Do You Need to Be Smarter Than A 5th Grader to Flip Houses?

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When you’re first learning how to flip houses, most grizzled real estate veterans will tell you how important it is for you to know “the numbers”.

One things for sure, if you don’t know your numbers…your house flipping career will be short…and excruciatingly painful.

The cool thing is that in the flipping houses niche, you don’t have to understand complex mathematical formulas, have a PhD in astrophysics or possess the intelligence level to unravel the human genome.

Thank God because I can’t do any of those things

All you need to know is just a little fifth-grade math…as well as have a whole lot of desire.

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Fifth-Grade Math and the 70% Rule

When it comes to the math component of most house flips, there are some common rules and formulas that you really should understand inside and out before you get into this business.

And best of all, any fifth grader can do it…

For example, here is a complex mathematical formula to test you on:

200 x 0.7 = y

y = ?

Have I lost you yet?

If you answered 140, then congratulations! You have the necessary math skills to be a house flipping superstar.

In doing the extremely complicated mathematical formula above, without even knowing it you have tapped into one of the most important house flipping formula of all.

If you stick to this formula, I guarantee you it will save you thousands and dollars in mistakes in your house flipping career…

And it will make you a ton of money as well.

The Most Important Formula When Flipping Houses

The math we did above was what we refer to as “The 70% Rule”.

Where it came from…I have no idea. But all I know is that IT WORKS.

Although it can’t be exactly applied in every single market, its extremely important to stick by this rule when you are doing your house flipping math.

So as soon as you determine your ARV, (the after repair value of a home or property), the very next step is to use the 70 percent rule to figure out what you need to buy a property for in order to turn a profit.

The accuracy of the 70% rule also depends on your level of experience in gauging the after repair value of a house. This is largely dependent on getting an accurate after repair value to begin with. This number is what you have gotten from your real estate agent or other people on your house flipping team.

As with most things in life, the more experience you have flipping houses and using the rule, the more accurate your estimates will become.

So let’s do an example…

The 70% Rule In Action

You’ve been looking long and hard for your first house flip deal, and you finally come upon a house that according to your real estate agent, if it were fixed up comparable to the neighborhood, would sell for $200,000.

On top of that, there are several comps in the area in the past six months that give you confidence that $200,000 is a fair and reasonable price.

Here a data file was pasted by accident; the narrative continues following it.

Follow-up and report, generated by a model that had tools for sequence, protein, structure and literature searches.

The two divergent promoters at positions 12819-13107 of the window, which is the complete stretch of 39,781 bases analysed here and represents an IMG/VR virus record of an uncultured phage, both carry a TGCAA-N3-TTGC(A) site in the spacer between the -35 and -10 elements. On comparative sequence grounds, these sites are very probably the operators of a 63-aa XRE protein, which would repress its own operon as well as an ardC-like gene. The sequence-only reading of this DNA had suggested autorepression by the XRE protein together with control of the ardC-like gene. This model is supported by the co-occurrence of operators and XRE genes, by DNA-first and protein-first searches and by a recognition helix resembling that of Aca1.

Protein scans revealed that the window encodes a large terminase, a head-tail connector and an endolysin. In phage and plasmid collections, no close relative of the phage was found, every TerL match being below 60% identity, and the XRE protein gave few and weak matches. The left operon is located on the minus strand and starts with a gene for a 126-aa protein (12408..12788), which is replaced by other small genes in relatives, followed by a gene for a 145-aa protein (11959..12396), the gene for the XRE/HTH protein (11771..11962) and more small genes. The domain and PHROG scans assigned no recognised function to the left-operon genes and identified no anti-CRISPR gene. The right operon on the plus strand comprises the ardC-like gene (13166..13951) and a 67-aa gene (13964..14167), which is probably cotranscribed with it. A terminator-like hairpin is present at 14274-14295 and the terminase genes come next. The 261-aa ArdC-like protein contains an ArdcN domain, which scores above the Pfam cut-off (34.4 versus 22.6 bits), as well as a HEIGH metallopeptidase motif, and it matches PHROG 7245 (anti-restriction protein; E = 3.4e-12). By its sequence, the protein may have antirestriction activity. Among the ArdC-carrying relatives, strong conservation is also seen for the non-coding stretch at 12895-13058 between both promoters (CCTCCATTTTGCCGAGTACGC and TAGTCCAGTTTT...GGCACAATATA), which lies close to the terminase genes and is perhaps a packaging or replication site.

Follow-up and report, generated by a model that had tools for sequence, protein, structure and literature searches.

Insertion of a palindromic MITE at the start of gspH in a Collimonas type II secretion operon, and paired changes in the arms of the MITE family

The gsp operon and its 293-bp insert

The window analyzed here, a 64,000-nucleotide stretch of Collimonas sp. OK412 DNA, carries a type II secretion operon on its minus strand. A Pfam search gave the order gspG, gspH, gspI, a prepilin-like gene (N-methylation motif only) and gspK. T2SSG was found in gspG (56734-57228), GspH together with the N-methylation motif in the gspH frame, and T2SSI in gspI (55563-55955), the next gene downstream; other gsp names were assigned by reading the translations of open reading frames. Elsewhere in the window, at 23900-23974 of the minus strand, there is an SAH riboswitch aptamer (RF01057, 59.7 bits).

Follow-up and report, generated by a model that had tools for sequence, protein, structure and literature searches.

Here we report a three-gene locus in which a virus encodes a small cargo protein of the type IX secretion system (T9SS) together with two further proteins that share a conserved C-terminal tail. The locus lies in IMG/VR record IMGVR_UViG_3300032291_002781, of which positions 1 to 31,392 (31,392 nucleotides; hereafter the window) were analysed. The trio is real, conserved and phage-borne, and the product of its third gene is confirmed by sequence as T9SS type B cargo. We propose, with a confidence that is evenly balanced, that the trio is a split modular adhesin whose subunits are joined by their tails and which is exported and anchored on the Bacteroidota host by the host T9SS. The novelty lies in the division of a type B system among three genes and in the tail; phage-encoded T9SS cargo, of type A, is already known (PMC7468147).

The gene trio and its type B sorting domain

This is where we start our fifth grade math.

1. Take the $200,000 and multiply it by 70% (or by 0.7 on your calculator, for you math whizzes like me):


70% rule: $200,000 x .70 = $140,000

2. Take your $140,000 and now deduct your repair costs. In this case, let’s say that your rehab expenses are $40,000 according to your contractor. Then subtract the $40,000 from the $140,000. This will then give you the maximum price you should pay for the property:

Repair costs = $40,000

70% rule = $140,000

$140,000 – $40,000 = $100,000

Maximum purchase price = $100,000

Pretty simple stuff.

The question is, can you actually get the house $100,000?

That may be a blog post for another day, but let’s say that you can.

So you take the plunge and buy it!

Why the 70% Rule Is So Important

In its simplest form, the 70% rule helps to insure you against taking unnecessary risks and keeping your house flip buying very disciplined.

Even the worst-case scenario, the 70% rule will help to ensure that you do turn a profit or at the least break even.

As simple as it may be, when you’re first learning how to flip real estate, this is a rule you should stick by to keep yourself out of trouble as well as lock in maximum profits.

It also keeps you from fudging your numbers (or “eraser math” as we call it) in order to get the deal done.

The seventy percent rule can save you a lot of dough and prevent you from creating a bad deal….but only if you stick to it on each and every deal.

House Flipping in Expensive Markets: Exceptions to the 70% Rule

As with all rules, there are always exceptions. And as each real estate market is different, the 70% rule needs to be adjusted depending on your market conditions.

I often times use $200,000 as my benchmark for after repair value because that’s what is typical in my market.

I happened to flip lower price ranged starter homes and I found this market to be very lucrative.

We’ll occasionally flip houses in higher price ranges (and are doing more of those now as a matter fact).

But for the most part, I stick to what I really know in the mid-range to lower-priced mark it is where I feel most comfortable right had the most success.

But your market might be different.

If that’s the case, then you may need to adjust the 70% rule to suit your needs.

As a general rule, here are the exceptions to the 70% rule: